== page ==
Senate sends $717B defense policy bill to Trump's desk

Senate sends $717B defense policy bill to Trump's desk
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The Senate on Wednesday easily passed a $717 billion annual defense policy bill despite some angst about its lack of a provision to block President TrumpDonald John TrumpTrump campaign buys full page ads in Miami newspapers ahead of Dem debates Trump administration's 'forced diplomacy' with Iran isn't working Roy Moore trails Republican field in Alabama MORE’s deal with Chinese telecommunications giant ZTE.

The Senate approved the compromise fiscal 2019 National Defense Authorization Act (NDAA) in a 87-10 vote, sending it to Trump’s desk for his expected signature and keeping it on track to become law before the start of the fiscal year for the first time since the fiscal 1997 bill.

This year's bill — named after Senate Armed Services Committee Chairman John McCainJohn Sidney McCainThe Hill's Morning Report - Democratic debates: Miami nice or spice? Trump pick brings scrutiny to 'revolving door' between Pentagon, industry Trump endorses McSally in Arizona Senate race MORE (R-Ariz.), who is at home undergoing treatment for brain cancer — would authorize about $639 billion for the Pentagon's base budget and the Energy Department's defense programs. It would also allow for another $69 billion for a war fund known as the Overseas Contingency Operations account.

What would have been the most controversial provision of the bill, which dealt with ZTE, was jettisoned during House–Senate negotiations to reconcile each chamber’s version.

The initial Senate-passed version of the NDAA included a provision that would have blocked Trump’s plan to save the Chinese firm, which had been slapped with penalties that prevented it from buying U.S. technology after admitting violating sanctions on Iran and North Korea.

U.S. intelligence officials have also testified that ZTE and other Chinese state-directed telecommunications represent a national security threat by providing the capacity for spying and intellectual property theft.

Instead of the Senate’s approach, the final bill aligns with the initial House-passed version. It would ban the government from contracting with ZTE and Huawei, another Chinese telecommunications company, or companies that do business with those two.

Leaders of the House and Senate Armed Services committees have said the Senate provision was stripped because it would have cost $1 billion that would have had to be made up by cutting mandatory spending such as troop’s health-care or retirement benefits. That’s because ZTE has already paid the government a $1 billion fine as part of the Trump deal.

“I am not going to try to defend President Trump’s decision to overrule his administration’s penalties on ZTE for violating our sanctions, but the president’s actions created facts on the ground,” Sen. Jack ReedJohn (Jack) Francis ReedTrump urged to quickly fill Pentagon post amid Iran tensions Overnight Defense: Shanahan exit shocks Washington | Pentagon left rudderless | Lawmakers want answers on Mideast troop deployment | Senate could vote on Saudi arms deal this week | Pompeo says Trump doesn't want war with Iran Shanahan drama shocks Capitol Hill, leaving Pentagon rudderless MORE (D-R.I.), ranking member of the Armed Services Committee, said on the Senate floor. “We have done, I think, what we could do to ensure that our national security is not compromised in the future by ZTE or Huawei equipment.”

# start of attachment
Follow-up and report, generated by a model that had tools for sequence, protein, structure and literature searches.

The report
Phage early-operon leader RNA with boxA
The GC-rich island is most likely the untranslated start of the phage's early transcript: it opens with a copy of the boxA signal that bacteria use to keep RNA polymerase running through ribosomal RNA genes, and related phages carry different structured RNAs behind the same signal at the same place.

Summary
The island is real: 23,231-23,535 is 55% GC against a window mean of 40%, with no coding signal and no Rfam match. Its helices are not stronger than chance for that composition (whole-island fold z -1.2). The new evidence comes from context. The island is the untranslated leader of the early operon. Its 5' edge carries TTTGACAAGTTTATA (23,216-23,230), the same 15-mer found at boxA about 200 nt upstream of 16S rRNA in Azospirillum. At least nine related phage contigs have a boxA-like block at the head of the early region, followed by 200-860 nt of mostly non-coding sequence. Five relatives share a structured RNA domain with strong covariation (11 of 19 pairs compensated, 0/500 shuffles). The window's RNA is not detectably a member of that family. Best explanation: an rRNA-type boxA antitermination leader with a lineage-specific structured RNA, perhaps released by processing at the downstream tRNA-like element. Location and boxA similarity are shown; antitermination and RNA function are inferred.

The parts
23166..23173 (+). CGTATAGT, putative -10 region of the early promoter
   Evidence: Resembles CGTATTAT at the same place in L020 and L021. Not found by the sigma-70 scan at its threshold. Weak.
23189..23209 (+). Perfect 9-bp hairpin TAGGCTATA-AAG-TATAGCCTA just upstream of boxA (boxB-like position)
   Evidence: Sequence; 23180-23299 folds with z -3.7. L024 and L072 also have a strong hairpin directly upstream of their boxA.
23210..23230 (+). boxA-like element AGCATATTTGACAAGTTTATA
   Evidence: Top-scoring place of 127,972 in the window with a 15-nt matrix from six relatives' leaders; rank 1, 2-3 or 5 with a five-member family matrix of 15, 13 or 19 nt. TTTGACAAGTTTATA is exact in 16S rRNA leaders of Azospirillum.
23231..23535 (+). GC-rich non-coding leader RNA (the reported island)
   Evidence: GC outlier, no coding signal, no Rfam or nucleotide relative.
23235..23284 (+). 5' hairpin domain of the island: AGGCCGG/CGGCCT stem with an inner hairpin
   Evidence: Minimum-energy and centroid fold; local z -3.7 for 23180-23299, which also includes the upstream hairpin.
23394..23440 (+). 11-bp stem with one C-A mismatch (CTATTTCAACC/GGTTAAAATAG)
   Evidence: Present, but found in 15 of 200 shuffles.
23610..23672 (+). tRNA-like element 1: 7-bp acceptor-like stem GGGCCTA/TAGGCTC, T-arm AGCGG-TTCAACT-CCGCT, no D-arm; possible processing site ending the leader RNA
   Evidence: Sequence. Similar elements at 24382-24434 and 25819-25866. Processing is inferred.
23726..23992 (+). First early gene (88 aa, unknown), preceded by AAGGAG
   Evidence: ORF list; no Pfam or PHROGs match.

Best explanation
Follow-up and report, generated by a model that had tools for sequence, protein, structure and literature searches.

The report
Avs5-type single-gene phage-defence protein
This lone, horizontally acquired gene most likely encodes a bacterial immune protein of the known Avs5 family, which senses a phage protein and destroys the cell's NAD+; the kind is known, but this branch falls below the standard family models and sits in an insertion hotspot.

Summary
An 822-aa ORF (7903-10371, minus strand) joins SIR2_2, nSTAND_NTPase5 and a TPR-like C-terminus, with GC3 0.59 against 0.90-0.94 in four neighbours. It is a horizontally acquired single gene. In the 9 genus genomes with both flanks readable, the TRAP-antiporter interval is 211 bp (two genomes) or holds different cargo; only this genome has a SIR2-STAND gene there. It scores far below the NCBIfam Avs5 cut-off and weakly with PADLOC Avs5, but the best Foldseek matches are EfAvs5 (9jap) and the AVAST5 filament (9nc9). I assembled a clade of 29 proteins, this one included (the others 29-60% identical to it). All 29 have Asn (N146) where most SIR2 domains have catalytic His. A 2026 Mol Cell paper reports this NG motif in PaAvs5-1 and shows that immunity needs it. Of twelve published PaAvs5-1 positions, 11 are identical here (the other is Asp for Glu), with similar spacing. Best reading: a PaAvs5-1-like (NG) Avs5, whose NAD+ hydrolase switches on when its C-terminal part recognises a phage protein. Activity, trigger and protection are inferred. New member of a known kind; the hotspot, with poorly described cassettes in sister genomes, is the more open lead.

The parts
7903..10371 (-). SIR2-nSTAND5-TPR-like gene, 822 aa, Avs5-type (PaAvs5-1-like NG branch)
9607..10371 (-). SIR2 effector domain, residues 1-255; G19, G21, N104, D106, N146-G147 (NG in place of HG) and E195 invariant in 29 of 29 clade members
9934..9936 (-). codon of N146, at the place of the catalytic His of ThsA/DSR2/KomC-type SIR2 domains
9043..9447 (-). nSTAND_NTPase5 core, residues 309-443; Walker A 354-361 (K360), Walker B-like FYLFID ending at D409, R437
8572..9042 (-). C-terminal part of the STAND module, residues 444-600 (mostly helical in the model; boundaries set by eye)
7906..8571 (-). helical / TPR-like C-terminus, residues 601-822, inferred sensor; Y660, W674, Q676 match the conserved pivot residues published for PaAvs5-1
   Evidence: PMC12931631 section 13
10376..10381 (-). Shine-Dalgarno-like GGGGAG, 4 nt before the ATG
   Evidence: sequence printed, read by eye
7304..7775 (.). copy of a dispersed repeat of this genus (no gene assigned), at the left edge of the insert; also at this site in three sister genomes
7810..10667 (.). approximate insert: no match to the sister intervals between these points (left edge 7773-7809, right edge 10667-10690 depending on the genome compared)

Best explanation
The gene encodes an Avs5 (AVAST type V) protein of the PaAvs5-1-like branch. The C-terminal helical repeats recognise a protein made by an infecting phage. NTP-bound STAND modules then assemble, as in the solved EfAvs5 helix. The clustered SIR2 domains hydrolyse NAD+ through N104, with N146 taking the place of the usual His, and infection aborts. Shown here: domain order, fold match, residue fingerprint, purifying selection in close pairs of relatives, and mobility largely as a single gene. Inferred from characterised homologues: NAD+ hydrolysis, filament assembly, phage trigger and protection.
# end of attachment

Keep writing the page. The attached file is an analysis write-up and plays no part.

But senators who sponsored the original ZTE provision fumed Wednesday, saying that taking it out of the bill allows a national security threat to persist.

“The threat posed by China and its telecommunications companies are so severe and so significant that it regrettably brings me to the point that I cannot support a bill I have always supported in my time here,” Sen. Marco RubioMarco Antonio RubioGOP lays debate trap for 2020 Democrats Mellman: Are primary debates different? Overnight Health Care — Sponsored by Campaign for Tobacco-Free Kids — Trump issues order to bring transparency to health care prices | Fight over billions in ObamaCare payments heads to Supreme Court MORE (R-Fla.) said on the Senate floor. “We need to wake up to the threat that China poses to this country, because we are running out of time to do so.”

The bill follows the administration’s request for a 2.6 percent pay raise for troops, an increase of about 15,600 service members across the Army, Navy, Air Force and Marine Corps, and 77 F-35 fighter jets. It goes above the administration’s request for ships, with a total 13 new vessels.

Also dropped from the final bill was a House-passed provision that would have blocked endangered species protections for the greater sage grouse and the lesser prairie chicken for 10 years.

One closely watched provision that did make it into the final bill was Defense Secretary James MattisJames Norman MattisNew Defense chief: Our 'priorities remain unchanged' The Hill's 12:30 Report: Trump targets Iran with new sanctions Trump urged to quickly fill Pentagon post amid Iran tensions MORE’s request for an ability to waive sanctions on partner countries that have bought Russian arms in the past but want to now buy U.S. weapons.

Mattis argued the provision was necessary to more closely align India, Vietnam and Indonesia with the United States, but some Democrats expressed concern the provision would loosen sanctions on Russia.

Mattis, however, did not win a separate fight with Congress over provisions in the bill on Turkey. The final bill would block F-35 transfers to Ankara until the Pentagon completes an assessment of U.S.-Turkish relations.

Lawmakers are concerned about Turkey’s plan to buy the S-400 air-defense system from Russia, its detention of American pastor Andrew Brunson and its moves in Syria against U.S.-backed Kurdish forces.